A Celebration of Barolo at The Connaught


Tar and roses. Ask any wine lover what they smell when they plunge their nose into a glass of Barolo and they’ll trot out that tried-and-tested duo. It’s true – Barolo does have a whiff of petroleum and damasks about it, but it’s so much more than that. Another generalisation levelled at Barolo is that the wines are impenetrable when young – I’ve heard tales of impatient oenophiles putting Barolo in their blenders in an attempt to soften the tannins.

A sublime vertical tasting of Prunotto Barolo in October offered a fresh take on the classic wine. The event, which took place at recently refurbished Connaught hotel – where the supremely talented Hélène Darroze just scooped her third star – was timed to coincide with the start of white truffle season. While a number of countries cultivate white truffles, Alba, in the northern Italian region of Piedmont, is where the world’s most prized tartufi bianchi are grown, its humidity and limestone-rich soils making it an ideal incubator for the fungi. The season for Alba truffles runs from early October to late January, when restaurants in the region display the gnarly gems in bell jars like trophies.

Owned by wine royalty the Antinori family, which counts Super Tuscan Tignanello among its treasures, the 71-hectare Prunotto estate is located in Alba; a mystical place of quiet majesty. Nestled within Prunotto’s 7.35-hectare, amphitheatre-shaped vineyard in Bussia – the first cru in Barolo, established in 1961 – the one hectare Vigna Collonnello is the jewel in the Prunotto crown, producing terroir-driven Barolos of exceptional elegance.

The prized parcel is said to be named after a colonel in Napoleon’s army, who settled in the area to enjoy a second life as a winemaker after hanging up his musket. The lunch began with a quartet of Barolo Bussia wines from the 2017, 2015, 2013 and 2012 vintages, all of which offered solo expressions of the Nebbiolo grape, known for producing bright, ruby red wines with fragrant aromas and surprisingly robust structure given the delicacy of their appearance.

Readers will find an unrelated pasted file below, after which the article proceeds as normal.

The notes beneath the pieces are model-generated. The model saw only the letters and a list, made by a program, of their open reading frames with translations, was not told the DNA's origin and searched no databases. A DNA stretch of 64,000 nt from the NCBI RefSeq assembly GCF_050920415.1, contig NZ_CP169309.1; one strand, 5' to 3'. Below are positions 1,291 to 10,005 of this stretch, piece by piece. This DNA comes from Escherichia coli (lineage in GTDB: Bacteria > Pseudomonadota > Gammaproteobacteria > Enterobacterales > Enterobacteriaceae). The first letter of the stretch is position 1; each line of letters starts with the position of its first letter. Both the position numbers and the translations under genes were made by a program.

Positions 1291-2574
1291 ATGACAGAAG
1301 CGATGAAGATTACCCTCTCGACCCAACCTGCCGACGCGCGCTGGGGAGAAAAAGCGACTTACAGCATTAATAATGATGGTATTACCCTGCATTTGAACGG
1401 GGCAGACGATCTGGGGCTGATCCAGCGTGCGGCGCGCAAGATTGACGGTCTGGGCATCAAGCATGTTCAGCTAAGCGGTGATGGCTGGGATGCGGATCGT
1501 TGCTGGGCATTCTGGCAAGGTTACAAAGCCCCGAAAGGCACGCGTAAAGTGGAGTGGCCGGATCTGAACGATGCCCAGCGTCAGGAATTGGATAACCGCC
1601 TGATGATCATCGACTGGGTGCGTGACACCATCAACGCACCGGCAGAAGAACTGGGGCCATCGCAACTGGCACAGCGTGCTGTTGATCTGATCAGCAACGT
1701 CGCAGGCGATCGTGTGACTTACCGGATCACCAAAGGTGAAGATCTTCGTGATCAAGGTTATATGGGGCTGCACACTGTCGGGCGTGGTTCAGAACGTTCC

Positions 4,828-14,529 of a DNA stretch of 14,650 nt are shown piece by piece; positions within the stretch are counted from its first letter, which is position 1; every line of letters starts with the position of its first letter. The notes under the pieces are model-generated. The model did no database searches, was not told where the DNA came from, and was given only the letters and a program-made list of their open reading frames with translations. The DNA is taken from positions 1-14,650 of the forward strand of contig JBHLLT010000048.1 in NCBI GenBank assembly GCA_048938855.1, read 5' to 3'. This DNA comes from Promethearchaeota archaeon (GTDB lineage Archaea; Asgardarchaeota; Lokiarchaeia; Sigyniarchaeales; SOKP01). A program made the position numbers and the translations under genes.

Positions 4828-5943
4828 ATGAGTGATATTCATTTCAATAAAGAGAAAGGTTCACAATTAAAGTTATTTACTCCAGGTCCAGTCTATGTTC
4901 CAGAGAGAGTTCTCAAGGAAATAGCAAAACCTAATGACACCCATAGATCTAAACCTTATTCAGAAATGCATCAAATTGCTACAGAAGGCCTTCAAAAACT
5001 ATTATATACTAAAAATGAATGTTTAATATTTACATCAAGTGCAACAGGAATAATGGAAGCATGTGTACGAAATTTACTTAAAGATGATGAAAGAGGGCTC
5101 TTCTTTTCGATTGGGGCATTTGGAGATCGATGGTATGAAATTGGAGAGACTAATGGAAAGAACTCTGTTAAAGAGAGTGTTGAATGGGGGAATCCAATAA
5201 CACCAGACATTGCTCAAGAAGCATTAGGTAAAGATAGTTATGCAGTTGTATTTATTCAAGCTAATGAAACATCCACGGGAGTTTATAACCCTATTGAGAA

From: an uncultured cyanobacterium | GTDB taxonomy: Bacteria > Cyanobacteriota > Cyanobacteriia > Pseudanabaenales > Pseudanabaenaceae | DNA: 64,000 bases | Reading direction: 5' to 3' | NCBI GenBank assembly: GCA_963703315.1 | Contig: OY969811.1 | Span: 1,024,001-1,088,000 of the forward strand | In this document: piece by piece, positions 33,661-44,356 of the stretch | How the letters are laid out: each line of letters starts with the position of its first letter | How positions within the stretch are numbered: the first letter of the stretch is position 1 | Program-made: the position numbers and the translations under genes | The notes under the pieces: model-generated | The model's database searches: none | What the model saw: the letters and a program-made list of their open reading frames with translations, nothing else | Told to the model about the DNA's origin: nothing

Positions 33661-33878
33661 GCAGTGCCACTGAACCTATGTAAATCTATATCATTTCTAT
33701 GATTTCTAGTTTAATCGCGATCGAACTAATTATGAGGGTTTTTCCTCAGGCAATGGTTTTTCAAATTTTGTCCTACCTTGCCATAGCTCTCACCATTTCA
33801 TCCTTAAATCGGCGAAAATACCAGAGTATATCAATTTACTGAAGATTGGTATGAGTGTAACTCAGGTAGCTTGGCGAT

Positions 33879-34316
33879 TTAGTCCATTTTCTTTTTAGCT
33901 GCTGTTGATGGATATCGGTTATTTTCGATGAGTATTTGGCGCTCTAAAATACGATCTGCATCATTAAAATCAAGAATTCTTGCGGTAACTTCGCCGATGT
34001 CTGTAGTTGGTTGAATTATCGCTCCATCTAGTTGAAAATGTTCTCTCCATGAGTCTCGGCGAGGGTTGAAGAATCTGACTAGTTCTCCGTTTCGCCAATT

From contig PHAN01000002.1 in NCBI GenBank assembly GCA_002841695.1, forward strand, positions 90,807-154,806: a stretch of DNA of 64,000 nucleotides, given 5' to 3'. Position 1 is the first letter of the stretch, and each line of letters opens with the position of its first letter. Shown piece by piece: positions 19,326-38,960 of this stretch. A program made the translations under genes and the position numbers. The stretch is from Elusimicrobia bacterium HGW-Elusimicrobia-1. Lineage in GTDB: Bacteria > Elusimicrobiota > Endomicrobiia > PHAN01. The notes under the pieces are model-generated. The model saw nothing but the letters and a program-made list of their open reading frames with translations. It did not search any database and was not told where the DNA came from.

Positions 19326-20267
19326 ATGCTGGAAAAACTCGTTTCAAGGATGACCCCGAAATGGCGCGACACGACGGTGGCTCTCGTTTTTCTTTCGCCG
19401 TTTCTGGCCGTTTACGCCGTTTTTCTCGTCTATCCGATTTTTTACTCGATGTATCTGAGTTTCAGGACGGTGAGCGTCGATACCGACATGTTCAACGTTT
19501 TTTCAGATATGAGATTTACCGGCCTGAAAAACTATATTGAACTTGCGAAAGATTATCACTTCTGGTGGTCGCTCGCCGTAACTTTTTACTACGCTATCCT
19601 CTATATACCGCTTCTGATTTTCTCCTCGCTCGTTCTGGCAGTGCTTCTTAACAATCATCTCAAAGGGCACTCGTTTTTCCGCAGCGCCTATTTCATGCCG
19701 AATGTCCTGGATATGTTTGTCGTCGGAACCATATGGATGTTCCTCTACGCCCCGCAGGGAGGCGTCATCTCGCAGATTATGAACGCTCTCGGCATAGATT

The 2015 stood out in the line-up as particularly pretty, offering a beguiling, exotic nose of watermelon and pomegranate – flavours I’ve never encountered in a Barolo before. Ethereal and juicy, with notes of raspberry and wild cherry, it slipped down easily. Giving it competition was the 2013 vintage, which was so silky it glided across the palate like a swan on ice skates. To pair with the wines we were served a daintily plated oyster mushroom carpaccio served with crispy leeks and an oozing, slow cooked egg resting on a potato nest dusted with white truffle. The earthiness of the mushrooms paired perfectly with the autumnal aromas in the wines.

Our palates suitably whetted, we moved on to the final quartet – four vintages of the near-mythical Vigna Colonnello from 2015, 2014, 2013 and 2012, all of which had their own charm. To pair with it came perfectly pink slices of duck breast in a glistening duck jus served with white kohlrabi purée and maitake mushrooms blanketed in white truffle for the 360°truffle experience.

While the 2012 vintage offered intriguing aromas of tea leaves, dried flowers and crushed herbs, the 2013 stole the show. Dangerously drinkable, it was one of the most exquisite wines to have ever passed my lips. There was an explosion of juicy fruit on the nose, from strawberries and raspberries to red currants, which popped up on the palate too. Rarely have I encountered a wine that disappeared from my glass so quickly, leaving me yearning for a second pour.

Ending the lunch in style, we were presented with a pitch perfect nashi pear mille feuille dotted with vanilla whipped cream, served with a refreshing scoop of pear sorbet. Reminding us of our three Michelin star surroundings, the pud was finished with a flourish of gold leaf. The lunch reminded me that assumptions about wine are dangerous – well known styles and regions can surprise you in unexpected ways. Wine is a living, breathing thing, and the same bottle will taste different depending on the day you open it. Therein lies its beauty.

For more information on the Prunotto estate and its wines, visit www.prunotto.it.